On 2nd of May, Sarah James (pictured above), organiser of the Bovey Tracey contemporary craft festival for the past 10 years came to speak to us about what it is like to exhibit at the festival.
She talked to us about the selection process. There is a panel of about 3 or 4 who quickly look through images sent to them by designer makers. The quality of the images is very important, and it is advised that if you can afford it then hire a professional photographer to take images of your work.
Jewellery is limited to 50 stalls and this is the discipline that has the most entries, so there is high competition in this area.
The main points from this session are:
* Craft fair applications start in September, images are key to success.
* Many makers find craft fairs their most successful platform for selling.
While exhibiting at the fair:
* Smile and say hello - always be friendly.
* keep your stand simple, clutter free, keep things at waist to eye level.
* Consider you product, does your stall need to reflect your personality or be minimalistic.
* Give the work some space.
* Tell a story, be prepared to talk about your work - certain information you must be prepared to give away.
* DO NOT allow photos of your work.
* Let your work do the talking.
* Place an image of your work behind the stand.
* Jewellers have work out, not behind glass, always have a mirror, allow people to try things on.
* Make friends with your neighbours, let them know what you're up to.
* Corner stands are premium.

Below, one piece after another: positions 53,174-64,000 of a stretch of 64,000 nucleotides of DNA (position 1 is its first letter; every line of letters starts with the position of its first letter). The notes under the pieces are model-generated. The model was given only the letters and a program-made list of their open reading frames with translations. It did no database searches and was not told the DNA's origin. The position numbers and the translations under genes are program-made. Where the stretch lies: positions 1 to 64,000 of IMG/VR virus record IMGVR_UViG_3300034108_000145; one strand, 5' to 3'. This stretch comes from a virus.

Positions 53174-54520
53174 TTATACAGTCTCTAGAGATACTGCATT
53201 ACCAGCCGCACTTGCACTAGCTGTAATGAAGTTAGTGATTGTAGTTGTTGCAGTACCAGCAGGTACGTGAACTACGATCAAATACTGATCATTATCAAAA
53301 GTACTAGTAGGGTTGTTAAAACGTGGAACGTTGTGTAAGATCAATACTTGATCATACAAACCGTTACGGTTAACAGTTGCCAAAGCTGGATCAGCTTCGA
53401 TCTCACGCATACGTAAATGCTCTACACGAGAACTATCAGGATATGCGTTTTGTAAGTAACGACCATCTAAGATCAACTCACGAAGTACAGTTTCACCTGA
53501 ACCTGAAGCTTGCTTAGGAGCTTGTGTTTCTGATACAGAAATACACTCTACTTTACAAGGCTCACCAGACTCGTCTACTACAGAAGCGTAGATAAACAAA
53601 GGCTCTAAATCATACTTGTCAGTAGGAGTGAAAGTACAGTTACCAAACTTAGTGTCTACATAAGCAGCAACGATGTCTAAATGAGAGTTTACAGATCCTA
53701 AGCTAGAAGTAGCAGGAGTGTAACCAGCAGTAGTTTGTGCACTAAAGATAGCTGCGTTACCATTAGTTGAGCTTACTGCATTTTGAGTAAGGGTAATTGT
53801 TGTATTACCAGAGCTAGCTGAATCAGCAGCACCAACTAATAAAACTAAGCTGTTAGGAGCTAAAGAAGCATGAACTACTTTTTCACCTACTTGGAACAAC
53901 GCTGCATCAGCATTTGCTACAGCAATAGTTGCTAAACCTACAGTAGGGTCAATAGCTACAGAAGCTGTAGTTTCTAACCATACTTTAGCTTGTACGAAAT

* Try not to sit down.
* Any press? put it out on your stand.
* Always have your prices out.
* Get business cards from any one claiming to be from a gallery, this way you can check them out and send on whole sale prices once you know they are genuine.
When sending Images
* Simple and plain, only one detail shot per collection
* use a graded background.
* Don't go mad with photoshop.
* try to keep to a similar style with your work in your images.
* Keep lighting good.
* Research - visiting shows.
* Plan ahead.
* Build your data base - collect email addresses of important contacts.
* Use the free stuff.
* Evaluate - look at what works and what doesn't
* grow your network.
* Love what you do.
An excellent and informative session on how to exhibit at a high end craft fair.
Main stalls are expensive, but there are graduate opportunities which are cheaper and a good way to get your foot on the ladder.
I found the information on the selection process particularly interesting, and advice about taking good images indispensable.
I'd like to extend a massive thank you to Sarah for coming and sharing her knowledge with us.